Chocolate for Brain Function! Yea!
A lot of attention has been focused on the health benefits of cocoa. Rich in anti-oxidants, flavanoids and flavanols, it's no surprise that interest in these power-packed beans is peaking! Two recent studies show that the attention is well worth it!
Every year, over six percent of adults who are 70 years or older develop memory loss that can progress to dementia or Alzheimer's disease. It is believed that flavanols, found in tea, grapes, red wine, apples and cocoa are associated with a decreased risk of dementia by acting on the brain structure and protecting neurons from injury. Flavanols may also help by improving brain blood flow. a;
One study, published in the journal Hypertension
and substatiated by the European Food Safety Association, included 90 elderly participants with mild cognitive impairment. Study participants drank a cocoa drink that had high, medium, or low amounts of antioxidants called flavanols for eight weeks. Additionally, diet was restricted to eliminate other sources of flavanols. Researchers found that those who drank high and medium levels of flavanols in their cocoa outperformed those who consumed low doses in tests that involved the ability to relate visual stimuli to motor responses, working memory, task-switching and verbal memory. The study also indicated a decrease in insulin resistance, blood pressure and oxidative stress in those drinking high and intermediate levels of flavanols daily.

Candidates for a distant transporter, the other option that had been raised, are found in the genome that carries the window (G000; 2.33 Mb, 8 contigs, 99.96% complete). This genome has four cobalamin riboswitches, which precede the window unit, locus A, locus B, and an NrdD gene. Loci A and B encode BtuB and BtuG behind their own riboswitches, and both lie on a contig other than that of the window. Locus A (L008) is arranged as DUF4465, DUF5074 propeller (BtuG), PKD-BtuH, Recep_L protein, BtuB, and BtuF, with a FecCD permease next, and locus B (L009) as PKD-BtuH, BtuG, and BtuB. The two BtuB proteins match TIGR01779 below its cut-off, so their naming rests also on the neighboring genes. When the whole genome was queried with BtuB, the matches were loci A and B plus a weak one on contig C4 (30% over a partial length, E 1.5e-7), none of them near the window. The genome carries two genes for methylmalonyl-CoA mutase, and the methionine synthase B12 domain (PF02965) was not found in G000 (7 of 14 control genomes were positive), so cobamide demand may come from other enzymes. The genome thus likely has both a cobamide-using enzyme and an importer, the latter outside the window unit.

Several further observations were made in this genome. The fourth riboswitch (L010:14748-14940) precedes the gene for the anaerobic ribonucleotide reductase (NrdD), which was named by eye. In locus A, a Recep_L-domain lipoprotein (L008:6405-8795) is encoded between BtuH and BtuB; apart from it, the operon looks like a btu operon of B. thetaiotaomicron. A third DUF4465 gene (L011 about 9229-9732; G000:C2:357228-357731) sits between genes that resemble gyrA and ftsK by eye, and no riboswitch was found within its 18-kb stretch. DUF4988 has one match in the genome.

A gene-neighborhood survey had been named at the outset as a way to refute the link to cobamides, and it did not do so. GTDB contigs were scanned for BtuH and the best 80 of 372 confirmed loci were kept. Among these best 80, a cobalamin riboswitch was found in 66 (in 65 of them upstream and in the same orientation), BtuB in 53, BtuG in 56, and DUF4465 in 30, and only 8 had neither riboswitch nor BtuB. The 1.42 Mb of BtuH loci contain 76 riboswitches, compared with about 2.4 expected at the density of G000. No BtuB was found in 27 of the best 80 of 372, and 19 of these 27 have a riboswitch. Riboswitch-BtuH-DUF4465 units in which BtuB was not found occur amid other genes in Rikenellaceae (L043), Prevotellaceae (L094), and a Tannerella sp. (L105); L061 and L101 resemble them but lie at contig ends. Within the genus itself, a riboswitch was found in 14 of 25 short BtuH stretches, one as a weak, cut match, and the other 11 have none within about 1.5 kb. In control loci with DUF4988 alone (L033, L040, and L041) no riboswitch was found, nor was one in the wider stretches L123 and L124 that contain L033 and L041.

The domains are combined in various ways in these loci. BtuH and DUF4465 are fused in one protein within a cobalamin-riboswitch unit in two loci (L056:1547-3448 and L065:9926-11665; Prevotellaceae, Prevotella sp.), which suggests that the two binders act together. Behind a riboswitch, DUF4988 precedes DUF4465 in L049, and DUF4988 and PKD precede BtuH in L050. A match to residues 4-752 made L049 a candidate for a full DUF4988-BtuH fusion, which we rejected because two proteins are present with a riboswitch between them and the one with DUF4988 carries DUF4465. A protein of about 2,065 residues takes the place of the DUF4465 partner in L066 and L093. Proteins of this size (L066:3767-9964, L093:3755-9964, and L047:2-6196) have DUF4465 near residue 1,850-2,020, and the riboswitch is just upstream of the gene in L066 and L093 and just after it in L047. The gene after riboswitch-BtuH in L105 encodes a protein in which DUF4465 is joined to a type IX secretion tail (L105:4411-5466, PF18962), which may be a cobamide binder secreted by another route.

A different study looked at another interesting benefit of cocoa, the study included 24 female volunteers between ages 18 and 65 who agreed to include hot chocolate with their breakfast for 12 weeks. Half the women drank hot cocoa containing a high dose of flavonoids, while the remaining volunteers got cocoa that looked and tasted the same but that had a much lower amount of flavonoids. A test was conducted at the beginning and end of the trial that involved exposing each woman's skin to ultraviolet light. Researchers found that the skin of the women who had received the flavonoid-rich cocoa did not redden as much as the skin of women who drank the lower-flavonoid-poor beverage. Additionally, significant increases in density and thickness of the skin occurred for the women receiving the higher amount of flavonoid. Did I mention their skin was also smoother?
Don't run out for your favorite candy bar yet! Not all forms of chocolate have hight flavanol levels. Most commercial chocolates are highly processed. Although many believe that dark chocolate contains the highest levels flavanols, methods of processing are a determining factor. Your best choices are dark chocolate and cocoa powder that has not undergone 'Dutch' processing where it is treated with an alkali.
So let go of the guilt. You can enjoy moderate portions of dark, cocoa-rich chocolate a few times per week ... it can actually be good for you!
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